Stanford graduated two-time Pac-12 champion Aisling Cuffe and the team's No. 2 at last year's NCAA Championships, half-miler Claudia Saunders. However, Stanford returns Elise Cranny, who missed last season with an injury, and cross country All-America Vanessa Fraser (15:41.64, 5,000 PB), last year's team No. 1 at nationals. Of last year's NCAA top seven, all-region runners Sophie Chase, Danielle Katz, and Julia Maxwell also return. The Cardinal has placed 14th the past two years.
Cranny, Aragon, and Donaghu represent three of the seven-fastest high school 1,500 runners of all-time. Cranny, the NCAA runner-up and Pac-12 champ in the 1,500, brings a versatility that allows her to stand out at all distances. In 2014, she was second in the Pac-12 cross country and went on to set a U.S. junior record (8:58.88) while finishing second in the NCAA indoor 3,000.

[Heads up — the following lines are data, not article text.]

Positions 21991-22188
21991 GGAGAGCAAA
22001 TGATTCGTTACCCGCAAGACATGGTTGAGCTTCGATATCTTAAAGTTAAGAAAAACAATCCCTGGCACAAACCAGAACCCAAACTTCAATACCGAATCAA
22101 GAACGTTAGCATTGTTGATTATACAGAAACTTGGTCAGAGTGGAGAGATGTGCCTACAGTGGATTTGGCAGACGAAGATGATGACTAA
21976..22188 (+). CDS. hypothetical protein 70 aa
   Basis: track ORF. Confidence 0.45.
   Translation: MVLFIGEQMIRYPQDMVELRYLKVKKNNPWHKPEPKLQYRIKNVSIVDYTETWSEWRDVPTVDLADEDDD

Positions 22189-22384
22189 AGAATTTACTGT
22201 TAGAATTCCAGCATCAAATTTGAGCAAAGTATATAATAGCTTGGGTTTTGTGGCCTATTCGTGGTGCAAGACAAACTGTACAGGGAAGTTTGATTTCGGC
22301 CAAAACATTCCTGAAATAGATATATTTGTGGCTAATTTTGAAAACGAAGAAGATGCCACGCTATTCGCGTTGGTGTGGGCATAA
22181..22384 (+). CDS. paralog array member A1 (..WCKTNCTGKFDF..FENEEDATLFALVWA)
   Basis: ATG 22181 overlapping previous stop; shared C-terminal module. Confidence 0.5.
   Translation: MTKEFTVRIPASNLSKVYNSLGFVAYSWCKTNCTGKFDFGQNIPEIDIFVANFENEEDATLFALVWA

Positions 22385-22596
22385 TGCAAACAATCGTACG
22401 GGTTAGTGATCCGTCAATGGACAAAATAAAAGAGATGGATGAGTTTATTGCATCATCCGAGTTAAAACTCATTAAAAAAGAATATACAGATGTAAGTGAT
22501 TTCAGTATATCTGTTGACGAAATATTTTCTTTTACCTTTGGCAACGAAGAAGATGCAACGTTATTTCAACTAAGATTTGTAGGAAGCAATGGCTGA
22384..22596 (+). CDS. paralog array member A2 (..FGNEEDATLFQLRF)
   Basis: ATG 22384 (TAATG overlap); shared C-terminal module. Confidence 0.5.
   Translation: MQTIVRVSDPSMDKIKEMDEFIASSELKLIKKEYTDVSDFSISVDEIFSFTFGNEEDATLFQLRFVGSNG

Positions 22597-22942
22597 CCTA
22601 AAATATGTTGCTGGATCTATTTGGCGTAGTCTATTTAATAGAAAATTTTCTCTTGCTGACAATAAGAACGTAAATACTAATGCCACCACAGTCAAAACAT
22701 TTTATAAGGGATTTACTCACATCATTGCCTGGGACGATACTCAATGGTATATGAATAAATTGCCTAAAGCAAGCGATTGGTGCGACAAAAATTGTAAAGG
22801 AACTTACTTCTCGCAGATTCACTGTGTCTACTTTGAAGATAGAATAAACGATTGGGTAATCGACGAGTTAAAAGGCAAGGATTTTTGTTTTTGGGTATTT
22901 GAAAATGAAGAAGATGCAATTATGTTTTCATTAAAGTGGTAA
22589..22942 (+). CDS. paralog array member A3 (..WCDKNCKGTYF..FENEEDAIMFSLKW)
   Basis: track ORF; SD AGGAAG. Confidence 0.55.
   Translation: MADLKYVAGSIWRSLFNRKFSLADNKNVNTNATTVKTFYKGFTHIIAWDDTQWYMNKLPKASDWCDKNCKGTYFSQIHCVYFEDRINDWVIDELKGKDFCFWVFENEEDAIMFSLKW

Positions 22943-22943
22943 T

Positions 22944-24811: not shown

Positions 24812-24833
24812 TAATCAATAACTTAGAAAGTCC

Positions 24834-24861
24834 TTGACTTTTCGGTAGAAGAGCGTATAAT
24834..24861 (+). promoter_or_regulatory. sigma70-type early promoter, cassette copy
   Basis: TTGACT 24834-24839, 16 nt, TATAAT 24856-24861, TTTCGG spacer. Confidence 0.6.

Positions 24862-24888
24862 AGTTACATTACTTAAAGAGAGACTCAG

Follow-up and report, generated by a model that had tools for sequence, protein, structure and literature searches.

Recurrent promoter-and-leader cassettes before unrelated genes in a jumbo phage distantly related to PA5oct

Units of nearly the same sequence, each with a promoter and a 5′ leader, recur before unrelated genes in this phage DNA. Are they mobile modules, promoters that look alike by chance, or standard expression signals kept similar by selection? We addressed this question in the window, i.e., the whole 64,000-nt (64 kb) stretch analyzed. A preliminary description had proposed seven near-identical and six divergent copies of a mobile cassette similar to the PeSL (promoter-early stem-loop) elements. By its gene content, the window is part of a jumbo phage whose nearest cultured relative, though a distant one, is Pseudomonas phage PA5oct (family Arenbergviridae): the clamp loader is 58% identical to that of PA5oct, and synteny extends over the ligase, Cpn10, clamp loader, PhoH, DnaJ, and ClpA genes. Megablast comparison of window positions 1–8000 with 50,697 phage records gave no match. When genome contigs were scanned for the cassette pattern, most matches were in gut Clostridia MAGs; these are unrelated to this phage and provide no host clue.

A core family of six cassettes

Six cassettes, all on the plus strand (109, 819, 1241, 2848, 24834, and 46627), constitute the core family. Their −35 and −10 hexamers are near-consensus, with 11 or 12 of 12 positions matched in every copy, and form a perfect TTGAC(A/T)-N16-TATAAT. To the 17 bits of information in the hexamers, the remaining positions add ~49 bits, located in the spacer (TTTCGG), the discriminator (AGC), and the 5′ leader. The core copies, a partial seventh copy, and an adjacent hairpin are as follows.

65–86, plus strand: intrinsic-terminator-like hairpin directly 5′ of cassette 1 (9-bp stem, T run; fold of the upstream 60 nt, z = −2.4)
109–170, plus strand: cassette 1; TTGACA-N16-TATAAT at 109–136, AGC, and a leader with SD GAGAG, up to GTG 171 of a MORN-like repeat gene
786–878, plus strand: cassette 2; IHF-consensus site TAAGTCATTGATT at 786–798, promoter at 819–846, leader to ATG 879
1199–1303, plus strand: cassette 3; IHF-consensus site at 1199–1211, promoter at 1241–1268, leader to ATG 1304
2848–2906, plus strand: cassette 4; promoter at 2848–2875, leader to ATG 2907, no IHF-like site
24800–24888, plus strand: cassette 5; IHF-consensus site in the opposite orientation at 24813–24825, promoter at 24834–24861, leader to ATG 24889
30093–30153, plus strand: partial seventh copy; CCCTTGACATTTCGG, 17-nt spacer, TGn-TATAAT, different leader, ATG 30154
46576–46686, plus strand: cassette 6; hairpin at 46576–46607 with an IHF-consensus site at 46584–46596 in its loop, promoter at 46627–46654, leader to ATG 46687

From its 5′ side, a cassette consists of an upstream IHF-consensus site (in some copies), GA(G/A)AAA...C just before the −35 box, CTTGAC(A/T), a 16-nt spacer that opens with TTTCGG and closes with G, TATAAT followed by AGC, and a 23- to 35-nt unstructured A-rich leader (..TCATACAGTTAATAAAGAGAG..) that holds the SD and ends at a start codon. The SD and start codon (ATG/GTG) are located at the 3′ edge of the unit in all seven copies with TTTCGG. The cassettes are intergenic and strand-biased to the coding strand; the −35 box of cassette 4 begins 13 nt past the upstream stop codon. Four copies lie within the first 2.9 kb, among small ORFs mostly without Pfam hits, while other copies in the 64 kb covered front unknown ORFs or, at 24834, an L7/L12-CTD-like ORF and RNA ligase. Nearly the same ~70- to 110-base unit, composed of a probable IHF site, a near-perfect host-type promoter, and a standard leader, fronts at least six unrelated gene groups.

The talent clearly is there, but so is the need, with such a young group, to temper enthusiasm.
"I would like them to set goals for themselves and not expectations," DeBole said. "If we go to the national meet and get 15th .... So what? As long as we're doing the best we can and everyone's going out and giving 100 percent, then that's all you can ask. You can't say it was a failure. But the group is mature enough that they already understand that."
Women's cross country has been one of the most successful programs at Stanford. The Cardinal has won five NCAA team titles, 14 regional crowns, and 20 conference championships. No team in the country has advanced to the NCAA Championships for 23 consecutive seasons as Stanford has.
"I want our women to write their own history," DeBole said. "Stanford has such an incredible history in distance running, but I also think it's important to focus on themselves rather than upholding a legacy. This is a completely new group, with its own story and its own goals.
"We're proud of what past teams have accomplished, but we're really excited about where we're going in the next few weeks, months, and years."